In this social media world, farm animals are getting the attention they deserve. Even people who eat meat are concerned by the pictures of the immense factory farms, by the sights of the trucks carrying poultry and pigs to slaughterhouses, and by the news reports of the millions of farm animals who become victims of natural disasters or fires.
In Providence, North Carolina, there is a farm sanctuary named Ziggy’s Refuge Farm Sanctuary. Ziggy, a pig, was the start of a new life for Kristin Hartness and Jay Yontz and they now have become dedicated to helping farm animals. We encourage you to visit their Facebook page or even visit the sanctuary during the available tours.
I became a vegetarian when I was in my late teens, a little over fifty years ago, but I had wanted to become one when I was eleven years old. At that time, we were living in Baumholder, Germany, where my soldier father was stationed. One night, Mother fixed veal for supper. I looked at it and asked where veal came from. Mother told me baby cows, which greatly upset me. Then, when I was about to put my first bite in my mouth, my mother said, “Mama, mama” in a sweet little calf-type voice. I refused to eat the veal, and have never had a mouthful of it. That supper started me really thinking about where our meals came from, and my parents told me that when I was a little older, I could make the decision to stop eating meat if I still wanted to. They probably thought I would never think about it again.
I had my last piece of ham on August 24, 1972, and my last piece of steak on December 23, 1972. I was the typical person who gives up red meat first, when the poultry industry is actually a lot crueler than the beef industry.
I claim the distinction, whether it’s true or not, of being the first person in this area to go to Burger King and order a Whopper with no meat. I claim that distinction by the reaction of the Burger King staff after I placed the order.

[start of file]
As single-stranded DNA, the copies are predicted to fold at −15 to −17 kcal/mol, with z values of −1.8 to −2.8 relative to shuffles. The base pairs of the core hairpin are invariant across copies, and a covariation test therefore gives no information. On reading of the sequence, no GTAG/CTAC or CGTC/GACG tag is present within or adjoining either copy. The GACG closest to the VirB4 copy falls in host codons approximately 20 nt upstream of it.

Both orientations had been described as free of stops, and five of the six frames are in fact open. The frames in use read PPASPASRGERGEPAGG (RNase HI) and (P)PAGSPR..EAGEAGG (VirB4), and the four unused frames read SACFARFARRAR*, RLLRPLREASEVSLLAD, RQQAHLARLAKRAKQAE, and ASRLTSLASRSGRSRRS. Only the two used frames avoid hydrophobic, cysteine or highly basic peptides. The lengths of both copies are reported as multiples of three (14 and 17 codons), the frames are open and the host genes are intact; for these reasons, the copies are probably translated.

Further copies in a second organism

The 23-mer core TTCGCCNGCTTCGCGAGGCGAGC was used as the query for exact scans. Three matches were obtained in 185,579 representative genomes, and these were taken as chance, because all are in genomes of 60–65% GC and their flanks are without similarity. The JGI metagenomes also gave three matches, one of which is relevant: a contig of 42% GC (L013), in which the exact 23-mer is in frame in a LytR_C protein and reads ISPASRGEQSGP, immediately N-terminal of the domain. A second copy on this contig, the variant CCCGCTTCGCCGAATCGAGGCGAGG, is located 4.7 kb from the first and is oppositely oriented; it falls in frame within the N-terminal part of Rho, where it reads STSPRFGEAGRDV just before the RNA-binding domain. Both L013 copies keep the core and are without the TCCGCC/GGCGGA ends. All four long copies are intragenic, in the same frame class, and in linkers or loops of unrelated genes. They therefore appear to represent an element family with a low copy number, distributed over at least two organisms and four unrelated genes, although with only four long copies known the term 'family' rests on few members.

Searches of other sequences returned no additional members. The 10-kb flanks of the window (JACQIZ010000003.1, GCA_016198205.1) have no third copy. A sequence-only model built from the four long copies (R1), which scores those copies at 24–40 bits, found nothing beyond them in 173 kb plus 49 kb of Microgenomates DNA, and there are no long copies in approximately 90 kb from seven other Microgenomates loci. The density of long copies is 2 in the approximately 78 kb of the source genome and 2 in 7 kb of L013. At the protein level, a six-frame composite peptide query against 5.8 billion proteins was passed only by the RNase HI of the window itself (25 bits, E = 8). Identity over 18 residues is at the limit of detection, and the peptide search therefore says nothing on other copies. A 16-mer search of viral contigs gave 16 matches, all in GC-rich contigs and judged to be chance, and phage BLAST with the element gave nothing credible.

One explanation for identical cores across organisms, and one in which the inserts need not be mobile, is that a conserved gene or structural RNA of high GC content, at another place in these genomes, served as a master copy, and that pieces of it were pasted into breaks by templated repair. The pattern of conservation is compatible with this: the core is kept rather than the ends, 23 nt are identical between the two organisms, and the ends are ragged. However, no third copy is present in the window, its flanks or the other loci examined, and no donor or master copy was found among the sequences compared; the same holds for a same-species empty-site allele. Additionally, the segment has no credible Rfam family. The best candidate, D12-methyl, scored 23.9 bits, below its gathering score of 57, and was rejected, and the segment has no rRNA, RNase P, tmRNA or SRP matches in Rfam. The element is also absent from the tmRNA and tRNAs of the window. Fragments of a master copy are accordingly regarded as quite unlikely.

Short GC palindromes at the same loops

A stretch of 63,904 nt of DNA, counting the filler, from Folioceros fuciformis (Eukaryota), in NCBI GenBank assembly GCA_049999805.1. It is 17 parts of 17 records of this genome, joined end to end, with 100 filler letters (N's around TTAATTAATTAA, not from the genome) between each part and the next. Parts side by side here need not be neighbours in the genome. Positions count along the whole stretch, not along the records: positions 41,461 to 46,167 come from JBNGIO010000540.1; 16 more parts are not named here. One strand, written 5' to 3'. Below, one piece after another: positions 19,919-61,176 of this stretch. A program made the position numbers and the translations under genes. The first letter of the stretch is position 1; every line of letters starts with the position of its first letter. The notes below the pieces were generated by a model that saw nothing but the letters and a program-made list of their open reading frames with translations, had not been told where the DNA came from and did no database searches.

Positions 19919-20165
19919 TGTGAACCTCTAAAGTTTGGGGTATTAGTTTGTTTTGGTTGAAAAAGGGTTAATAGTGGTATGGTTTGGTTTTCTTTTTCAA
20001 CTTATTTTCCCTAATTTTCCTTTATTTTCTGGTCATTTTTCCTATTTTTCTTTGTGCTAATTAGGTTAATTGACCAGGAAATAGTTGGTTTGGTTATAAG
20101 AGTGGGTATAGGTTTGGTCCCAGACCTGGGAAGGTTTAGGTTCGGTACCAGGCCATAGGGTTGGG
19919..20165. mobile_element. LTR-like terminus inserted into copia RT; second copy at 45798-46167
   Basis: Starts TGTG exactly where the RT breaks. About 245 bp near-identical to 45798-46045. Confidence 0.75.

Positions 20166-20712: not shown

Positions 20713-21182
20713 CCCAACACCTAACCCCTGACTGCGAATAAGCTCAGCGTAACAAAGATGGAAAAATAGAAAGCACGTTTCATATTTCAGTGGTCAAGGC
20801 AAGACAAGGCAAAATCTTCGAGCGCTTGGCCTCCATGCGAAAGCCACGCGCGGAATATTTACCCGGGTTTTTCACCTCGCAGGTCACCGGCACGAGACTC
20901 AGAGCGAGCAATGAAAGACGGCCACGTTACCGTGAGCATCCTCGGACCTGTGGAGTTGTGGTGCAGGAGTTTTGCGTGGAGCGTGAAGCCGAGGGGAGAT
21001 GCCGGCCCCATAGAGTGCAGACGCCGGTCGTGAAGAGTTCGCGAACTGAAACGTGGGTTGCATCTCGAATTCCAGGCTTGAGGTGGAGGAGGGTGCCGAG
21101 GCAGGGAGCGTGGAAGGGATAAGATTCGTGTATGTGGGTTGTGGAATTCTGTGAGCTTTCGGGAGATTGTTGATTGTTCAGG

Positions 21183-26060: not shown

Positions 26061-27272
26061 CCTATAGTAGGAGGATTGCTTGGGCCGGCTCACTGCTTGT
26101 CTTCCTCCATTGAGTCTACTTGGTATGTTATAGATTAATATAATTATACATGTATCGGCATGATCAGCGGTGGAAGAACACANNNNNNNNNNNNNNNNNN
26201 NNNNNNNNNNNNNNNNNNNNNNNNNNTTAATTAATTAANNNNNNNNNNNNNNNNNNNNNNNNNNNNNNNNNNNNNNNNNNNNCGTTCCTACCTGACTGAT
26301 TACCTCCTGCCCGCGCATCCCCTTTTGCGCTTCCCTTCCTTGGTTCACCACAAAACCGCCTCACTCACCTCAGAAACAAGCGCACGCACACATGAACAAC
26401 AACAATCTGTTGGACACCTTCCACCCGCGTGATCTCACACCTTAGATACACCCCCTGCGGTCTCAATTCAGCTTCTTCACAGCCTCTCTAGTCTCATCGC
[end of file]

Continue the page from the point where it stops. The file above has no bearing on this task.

In November of 1980, I was working at Brigham Young University and went to the credit union to withdraw money to buy a plane ticket home for Christmas. The credit union had a nice Thanksgiving display, complete with a live turkey. I stood in line by that turkey for 20 minutes, didn’t eat turkey the next day for Thanksgiving, and have not had a mouthful of poultry since. Guess what happened when I bought an aquarium filled with goldfish? That’s right, I gave up fish.
Vegetarian choices are so much easier now. Most grocery stores carry soy milk, meat substitutes, and even eggs from free-range chickens (although there are many problems with even those).
There are many types of vegetarians. Some eat dairy products and eggs, some do not, and some do not eat gelatin. (I researched how gelatin is made, so I gave up Jell-O, marshmallows, etc.). Veganism is also gaining in popularity.
One only has to look at the difference in the condition of animals on factory farms from those living in good sanctuaries to know that they are intelligent, emotional animals.
I believe that Heavenly Father created animals for our use and enjoyment, giving us dominion over them. Dominion actually means stewardship, rather than giving us complete freedom to overuse, misuse, or abuse. Before I knew about the cruel factory farm methods of today, I knew that, deep down inside, I could never eat an animal without thinking about them as individual creatures.